Tanzania is recording a comparatively high percentage of female parliamentarians, brought about by the constitutional provision of special seats for women and a guaranteed minimum threshold of female members of parliament (MPs). Yet, the provision of special seats also has profound implications on the candidate nomination for direct constituency seats, and therefore affects the structural power of women in political parties and politics at large. The gender analysis of intraparty candidate nomination processes by Consolata Sulley from the University of Dar es Salaam contributes to the assessment of female participation and representation in political parties, and therefore sheds light on the current state of gender equality in Tanzanian politics.
The study examines candidate selection rules and practices of four selected political parties in Tanzania: Chama cha Mapinduzi (CCM), Chama cha Demokrasia na Maendeleo (CHADEMA), the Civic United Front (CUF) and Alliance for Change and Transparency (ACT Wazalendo).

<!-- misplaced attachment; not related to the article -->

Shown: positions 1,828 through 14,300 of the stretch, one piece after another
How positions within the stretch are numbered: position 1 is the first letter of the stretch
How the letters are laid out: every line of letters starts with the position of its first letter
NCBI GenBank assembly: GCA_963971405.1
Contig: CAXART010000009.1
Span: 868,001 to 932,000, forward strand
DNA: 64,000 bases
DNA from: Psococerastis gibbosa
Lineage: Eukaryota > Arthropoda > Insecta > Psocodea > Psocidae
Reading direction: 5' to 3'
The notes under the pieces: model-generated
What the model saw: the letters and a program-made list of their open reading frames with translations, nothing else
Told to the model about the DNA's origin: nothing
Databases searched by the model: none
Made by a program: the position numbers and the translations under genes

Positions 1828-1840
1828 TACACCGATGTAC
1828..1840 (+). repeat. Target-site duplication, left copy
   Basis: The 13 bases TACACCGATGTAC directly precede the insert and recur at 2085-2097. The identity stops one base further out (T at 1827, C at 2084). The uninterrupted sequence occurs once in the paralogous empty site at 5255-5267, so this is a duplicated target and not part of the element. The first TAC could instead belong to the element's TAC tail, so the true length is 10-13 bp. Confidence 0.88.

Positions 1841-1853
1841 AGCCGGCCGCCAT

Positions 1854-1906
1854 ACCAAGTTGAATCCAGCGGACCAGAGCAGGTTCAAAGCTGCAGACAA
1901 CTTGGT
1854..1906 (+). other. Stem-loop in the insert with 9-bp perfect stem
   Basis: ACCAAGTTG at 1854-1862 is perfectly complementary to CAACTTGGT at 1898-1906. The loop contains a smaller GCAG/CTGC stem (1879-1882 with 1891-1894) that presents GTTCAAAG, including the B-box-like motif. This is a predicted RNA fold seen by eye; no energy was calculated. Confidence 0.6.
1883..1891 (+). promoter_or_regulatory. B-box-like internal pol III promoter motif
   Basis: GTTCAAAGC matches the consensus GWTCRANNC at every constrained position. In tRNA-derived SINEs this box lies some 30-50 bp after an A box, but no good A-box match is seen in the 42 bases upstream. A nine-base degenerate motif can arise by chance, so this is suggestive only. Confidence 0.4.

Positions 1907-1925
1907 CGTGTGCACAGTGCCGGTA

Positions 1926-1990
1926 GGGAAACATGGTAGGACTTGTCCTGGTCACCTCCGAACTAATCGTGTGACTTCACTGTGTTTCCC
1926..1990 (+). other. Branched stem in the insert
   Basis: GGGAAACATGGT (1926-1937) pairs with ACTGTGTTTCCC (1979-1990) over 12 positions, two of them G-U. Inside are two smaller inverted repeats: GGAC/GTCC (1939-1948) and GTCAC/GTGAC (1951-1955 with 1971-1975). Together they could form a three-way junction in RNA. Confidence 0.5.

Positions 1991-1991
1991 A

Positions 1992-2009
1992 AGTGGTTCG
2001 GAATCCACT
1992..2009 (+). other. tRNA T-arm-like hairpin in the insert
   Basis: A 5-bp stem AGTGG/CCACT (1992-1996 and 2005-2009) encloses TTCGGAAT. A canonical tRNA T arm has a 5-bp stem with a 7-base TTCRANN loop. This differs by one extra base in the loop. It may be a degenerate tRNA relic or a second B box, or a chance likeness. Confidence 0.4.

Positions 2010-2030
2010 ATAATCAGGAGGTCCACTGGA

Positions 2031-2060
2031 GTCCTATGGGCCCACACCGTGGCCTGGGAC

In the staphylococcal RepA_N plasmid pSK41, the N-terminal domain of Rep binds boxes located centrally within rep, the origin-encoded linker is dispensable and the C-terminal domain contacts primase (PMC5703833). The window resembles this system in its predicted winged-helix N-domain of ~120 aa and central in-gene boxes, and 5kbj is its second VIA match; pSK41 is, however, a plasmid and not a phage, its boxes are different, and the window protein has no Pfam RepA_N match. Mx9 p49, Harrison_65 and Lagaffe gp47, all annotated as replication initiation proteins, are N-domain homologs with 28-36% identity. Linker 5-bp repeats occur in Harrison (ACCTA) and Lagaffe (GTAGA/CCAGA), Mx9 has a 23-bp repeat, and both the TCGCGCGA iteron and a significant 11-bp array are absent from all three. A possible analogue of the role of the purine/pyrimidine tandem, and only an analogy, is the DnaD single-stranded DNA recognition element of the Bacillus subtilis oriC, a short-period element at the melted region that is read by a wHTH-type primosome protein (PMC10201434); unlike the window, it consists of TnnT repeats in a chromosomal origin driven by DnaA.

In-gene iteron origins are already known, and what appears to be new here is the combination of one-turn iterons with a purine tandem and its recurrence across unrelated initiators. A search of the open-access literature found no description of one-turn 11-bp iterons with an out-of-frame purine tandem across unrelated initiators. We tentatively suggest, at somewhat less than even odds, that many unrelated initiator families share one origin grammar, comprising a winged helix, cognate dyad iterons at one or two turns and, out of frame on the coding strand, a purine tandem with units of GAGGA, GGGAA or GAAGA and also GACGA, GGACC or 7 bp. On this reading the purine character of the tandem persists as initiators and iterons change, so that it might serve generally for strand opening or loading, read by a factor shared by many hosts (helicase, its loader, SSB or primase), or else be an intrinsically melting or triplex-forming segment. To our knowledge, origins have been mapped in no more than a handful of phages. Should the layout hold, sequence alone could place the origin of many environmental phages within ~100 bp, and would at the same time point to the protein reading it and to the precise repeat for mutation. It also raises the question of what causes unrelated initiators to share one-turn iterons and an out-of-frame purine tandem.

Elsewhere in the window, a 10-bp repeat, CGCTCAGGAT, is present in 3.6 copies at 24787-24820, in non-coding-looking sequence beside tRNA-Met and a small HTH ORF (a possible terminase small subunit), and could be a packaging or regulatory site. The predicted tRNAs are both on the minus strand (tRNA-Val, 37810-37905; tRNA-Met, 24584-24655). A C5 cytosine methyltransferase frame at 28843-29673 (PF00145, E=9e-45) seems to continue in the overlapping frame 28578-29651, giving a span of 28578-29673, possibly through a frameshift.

The analysis addresses the following questions:
1) Which national legal and institutional frameworks promote, which ones discourage gender equality in candidate nomination?
2) How democratic and gender inclusive is the candidate selection process in different political parties in Tanzania?
3) Which specific factors encourage and discourage female participation and success in political party nomination?
The analysis is complemented by a policy brief with concrete recommendations on how to make intraparty nomination processes more gender responsive and thereby contribute to more gender equality in Tanzania. The policy brief will be released in the coming weeks.